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Music PopWrapped | Music

Taylor Swift Doesn't Want '1989' On Spotify; What Do You Think?

Jonathan Frahm | PopWrapped Author

Jonathan Frahm

10/30/2014 4:21 am
PopWrapped | Music
Taylor Swift Doesn't Want '1989' On Spotify; What Do You Think? | Taylor Swift
Media Courtesy of MTV
Taylor Swift Courtesy of MTV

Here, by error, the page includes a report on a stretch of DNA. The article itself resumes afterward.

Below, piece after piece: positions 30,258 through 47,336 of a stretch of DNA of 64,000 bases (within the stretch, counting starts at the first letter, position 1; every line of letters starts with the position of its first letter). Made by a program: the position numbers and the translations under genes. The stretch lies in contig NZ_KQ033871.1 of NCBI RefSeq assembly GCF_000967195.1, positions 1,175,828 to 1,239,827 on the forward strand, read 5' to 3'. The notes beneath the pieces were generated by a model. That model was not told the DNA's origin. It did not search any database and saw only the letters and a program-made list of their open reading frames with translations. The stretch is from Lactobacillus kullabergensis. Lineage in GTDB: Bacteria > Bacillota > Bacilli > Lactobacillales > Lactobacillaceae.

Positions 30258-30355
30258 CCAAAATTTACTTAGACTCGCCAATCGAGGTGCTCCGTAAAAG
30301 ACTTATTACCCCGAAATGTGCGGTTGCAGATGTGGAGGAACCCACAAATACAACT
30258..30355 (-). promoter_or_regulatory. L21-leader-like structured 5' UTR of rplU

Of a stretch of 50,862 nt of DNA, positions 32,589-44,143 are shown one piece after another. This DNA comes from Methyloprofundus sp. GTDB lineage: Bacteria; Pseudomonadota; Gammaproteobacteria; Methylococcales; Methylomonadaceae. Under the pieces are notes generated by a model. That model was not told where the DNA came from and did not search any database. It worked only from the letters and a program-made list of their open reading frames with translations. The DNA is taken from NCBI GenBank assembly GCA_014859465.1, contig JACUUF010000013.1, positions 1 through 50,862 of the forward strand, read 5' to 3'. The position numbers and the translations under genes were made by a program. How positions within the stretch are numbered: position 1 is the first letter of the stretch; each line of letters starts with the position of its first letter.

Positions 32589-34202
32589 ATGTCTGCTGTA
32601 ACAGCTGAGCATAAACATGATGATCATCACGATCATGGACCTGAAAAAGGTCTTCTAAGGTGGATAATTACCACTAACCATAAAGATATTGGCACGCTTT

The 1989 era may just mark the biggest success for Taylor Swift, yet. The once-country star turned the dial up to full-on pop for her just-released album, and in the process had gained even some of her biggest detractors over. Even at PopWrapped HQ, certain people who claim to hate Taylor's past music are keeping "Out of the Woods" on full blast! Who may still not be so thrilled with Taylor in this current moment is Spotify, with whom the singer has always had a prickly affair with. According to TIME, Swift had "lumped streaming in with file sharing and piracy" as some of the primary reasons that music sales as a whole have decreased in the modern age. She had gone on the record to say, concerning the issue, that “It’s my opinion that music should not be free, and my prediction is that individual artists and their labels will someday decide what an album’s price point is. I hope they don’t underestimate themselves or undervalue their art." Currently, 1989 is listed on Spotify, but you cannot stream the songs. A message from the corporation details that they're "working" with the artist and her label and are hoping to get it added in the near future, but chances are there's going to be no dice there - at least not until 1989 has been on the market for a good few months. Taylor had previously kept Red off of the service in 2012 for as long as she could, and she'll likely fight even harder to keep 1989 from any stream for as long as her influence takes her. Swift is hardly the first artist to deny Spotify rights to their music, either. Radiohead and Atoms For Peace's Thom Yorke and Nigel Godrich infamously called out the service in a protest for "new talent's only hope." Meanwhile, others have claimed that Spotify could actually be new talent's only hope, citing that it is a platform for indies to easily showcase choice tunes for touring and exposure. Where do you stand on the case? [yop_poll id="55"]

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